Bioactive Molecules in Plant Foods

Florence Ojiugo Uruakpa, PhD (Editor)
Department of Applied Health Sciences, Indiana State University, Terre Haute, IN, USA

Series: Agriculture Issues and Policies

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Functional foods (those with beneficial factors on health when consumed regularly as part of meals at effective levels) became prominent as food and nutrition science advanced beyond the treatment of deficiency syndromes to reduction of disease risk and health promotion. The dynamic trend of functional foods calls for accurate and reliable information in this emerging area of nutritional sciences. This book gives insight on physiologically active components of several plant foods.

It is a collection of findings of basic and applied research on plant bioactive molecules, their development and utilization in food products. This book highlights various aspects of plant bioactive molecules such as lipids of physiological importance; antioxidants and health effects; micronutrients, botanicals and other dietary molecules; bioactive peptides; functional beverages/food products and other aspects of disease prevention and treatment. (Imprint: Nova Biomedical )

Prefacepp,vii -viii

Chapter 1. Plant Bioactives in Chinese Dietary Herbs, pp. 1-48
(Junzeng Zhang, Institute for Nutrisciences and Health, National Research Council, Canada; Zhimin Wang, Research Center of Chemistry and Quality Evaluation for Chinese Materia Medica, Institute of Chinese Materia Medica, China Academy of Chinese Medical Sciences; Nan Xiao Jie, Dong Zhi Men Nei, Beijing, P. R. China)pp.1-48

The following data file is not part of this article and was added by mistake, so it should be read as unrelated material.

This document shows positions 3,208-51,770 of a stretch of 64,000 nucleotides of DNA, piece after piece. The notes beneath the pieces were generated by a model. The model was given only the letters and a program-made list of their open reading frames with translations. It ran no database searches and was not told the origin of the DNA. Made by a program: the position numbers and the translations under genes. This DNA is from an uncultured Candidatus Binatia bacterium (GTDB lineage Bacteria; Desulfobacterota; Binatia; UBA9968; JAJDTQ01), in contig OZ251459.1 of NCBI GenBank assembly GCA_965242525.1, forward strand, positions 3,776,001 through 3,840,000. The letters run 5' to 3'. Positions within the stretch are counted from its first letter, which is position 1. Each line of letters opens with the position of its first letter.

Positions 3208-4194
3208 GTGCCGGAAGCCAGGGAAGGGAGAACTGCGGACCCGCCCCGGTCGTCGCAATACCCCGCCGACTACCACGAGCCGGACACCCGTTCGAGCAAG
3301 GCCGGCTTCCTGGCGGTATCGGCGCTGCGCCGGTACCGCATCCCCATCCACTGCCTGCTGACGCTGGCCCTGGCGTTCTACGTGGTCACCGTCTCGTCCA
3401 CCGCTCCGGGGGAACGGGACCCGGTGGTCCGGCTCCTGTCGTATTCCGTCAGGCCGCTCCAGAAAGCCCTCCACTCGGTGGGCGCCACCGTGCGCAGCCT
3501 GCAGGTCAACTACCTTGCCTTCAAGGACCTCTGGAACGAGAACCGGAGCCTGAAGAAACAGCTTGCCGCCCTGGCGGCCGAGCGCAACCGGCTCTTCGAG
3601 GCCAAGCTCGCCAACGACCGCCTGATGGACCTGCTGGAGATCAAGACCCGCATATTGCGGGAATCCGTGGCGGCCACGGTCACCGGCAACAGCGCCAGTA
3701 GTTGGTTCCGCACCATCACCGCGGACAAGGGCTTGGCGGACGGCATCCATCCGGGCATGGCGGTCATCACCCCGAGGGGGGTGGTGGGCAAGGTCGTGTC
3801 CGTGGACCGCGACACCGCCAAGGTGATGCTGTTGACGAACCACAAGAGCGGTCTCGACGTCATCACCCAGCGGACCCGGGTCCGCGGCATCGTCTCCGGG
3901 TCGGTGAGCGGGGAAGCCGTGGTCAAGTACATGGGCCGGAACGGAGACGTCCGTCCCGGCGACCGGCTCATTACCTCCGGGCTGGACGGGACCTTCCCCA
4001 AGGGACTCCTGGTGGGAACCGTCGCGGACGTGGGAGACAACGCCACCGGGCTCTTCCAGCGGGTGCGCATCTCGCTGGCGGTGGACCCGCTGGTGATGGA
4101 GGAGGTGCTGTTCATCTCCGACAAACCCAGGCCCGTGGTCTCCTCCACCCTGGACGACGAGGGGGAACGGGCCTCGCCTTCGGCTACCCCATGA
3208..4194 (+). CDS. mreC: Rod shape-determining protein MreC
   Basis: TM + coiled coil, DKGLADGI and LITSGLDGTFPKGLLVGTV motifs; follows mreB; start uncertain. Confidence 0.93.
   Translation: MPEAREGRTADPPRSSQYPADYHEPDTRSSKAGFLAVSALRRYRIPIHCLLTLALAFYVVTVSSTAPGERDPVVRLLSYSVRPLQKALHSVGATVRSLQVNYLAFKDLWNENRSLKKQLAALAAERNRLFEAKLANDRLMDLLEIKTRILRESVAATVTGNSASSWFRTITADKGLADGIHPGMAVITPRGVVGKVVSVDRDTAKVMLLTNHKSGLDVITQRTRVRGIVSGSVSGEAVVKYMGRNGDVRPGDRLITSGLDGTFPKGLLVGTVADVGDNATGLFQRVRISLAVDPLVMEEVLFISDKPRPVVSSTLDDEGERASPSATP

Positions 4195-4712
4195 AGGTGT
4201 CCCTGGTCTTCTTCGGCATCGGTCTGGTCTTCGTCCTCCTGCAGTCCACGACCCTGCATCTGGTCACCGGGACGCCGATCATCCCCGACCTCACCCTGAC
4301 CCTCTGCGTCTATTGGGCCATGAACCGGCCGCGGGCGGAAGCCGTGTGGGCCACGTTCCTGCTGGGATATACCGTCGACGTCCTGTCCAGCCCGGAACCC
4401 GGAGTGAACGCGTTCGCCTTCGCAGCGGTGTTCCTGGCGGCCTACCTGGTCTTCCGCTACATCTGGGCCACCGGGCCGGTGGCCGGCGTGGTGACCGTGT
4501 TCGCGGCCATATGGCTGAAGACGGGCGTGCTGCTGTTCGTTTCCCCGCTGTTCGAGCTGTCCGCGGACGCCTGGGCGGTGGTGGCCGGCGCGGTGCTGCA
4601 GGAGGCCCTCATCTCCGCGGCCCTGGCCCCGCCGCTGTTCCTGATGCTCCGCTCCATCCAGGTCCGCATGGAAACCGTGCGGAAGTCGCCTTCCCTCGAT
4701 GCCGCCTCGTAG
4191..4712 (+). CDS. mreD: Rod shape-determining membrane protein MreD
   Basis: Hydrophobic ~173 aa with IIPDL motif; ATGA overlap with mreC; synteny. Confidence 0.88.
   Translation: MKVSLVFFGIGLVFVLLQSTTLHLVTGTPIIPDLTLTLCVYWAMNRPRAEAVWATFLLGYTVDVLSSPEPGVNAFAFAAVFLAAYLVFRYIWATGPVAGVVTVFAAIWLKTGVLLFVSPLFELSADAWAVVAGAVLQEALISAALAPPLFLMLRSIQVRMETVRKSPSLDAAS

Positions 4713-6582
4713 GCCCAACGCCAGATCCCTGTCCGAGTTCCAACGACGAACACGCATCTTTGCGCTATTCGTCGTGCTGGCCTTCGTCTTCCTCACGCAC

Chapter 2. Seed Storage Proteins as Sources of Bioactive Peptides, pp. 49-80
(Janitha Wanasundara, Agriculture and Agri-Food Canada, Saskatoon, | SK, Canada;P. W. M. L. H. K. Marambe, Agriculture and Agri-Food,
Saskatoon| SK, Canada)pp,49-80
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Chapter 3. Bioactivity of Flaxseed Lignans, pp. 81-110
(Dr. Farah Hosseinian, Food Science and Nutrition, Department of Chemistry, Carleton University, Canada; Ed S. Krol, College of Pharmacy and Nutrition, University of Saskatchewan, Saskatoon, SK, Canada; Dave Oomah, Agriculture and Agri-Food Canada, Pacific Agri-Food Research Centre, Summerland, B.C., Canada)

Chapter 4. Chemistry and Bioactivity of Food Phytoalexins, pp. 111-130
(Chibuike C. Udenigwe, Department of Food Science, University of Guelph, Guelph, Ontario, Canada; Rotimi E. Aluko, The Richardson Centre for Functional Foods and Nutraceuticals, Department of Human Nutritional Sciences, University of Manitoba, Winnipeg, Manitoba, Canada)

Chapter 5. Bioactivity of Alkylresorcinols, pp. 131-162
(Rania Agil, Farah Hosseinian, Food Science and Nutrition, Department of Chemistry, Carleton University, Ottawa, Canada)

Chapter 6. Seabuckthorn (Hippophae rhamnoides L) and its Products: A Powerhouse of Phytochemicals, pp. 163-190
(Florence Ojiugo Uruakpa, Dept. of Applied Health Sciences, Indiana State University, Terre Haute, IN, USA; Alphonsus Utioh, P. Eng, Food Development Centre, Portage la Prairie, Canada)

Index, pp. 191-205

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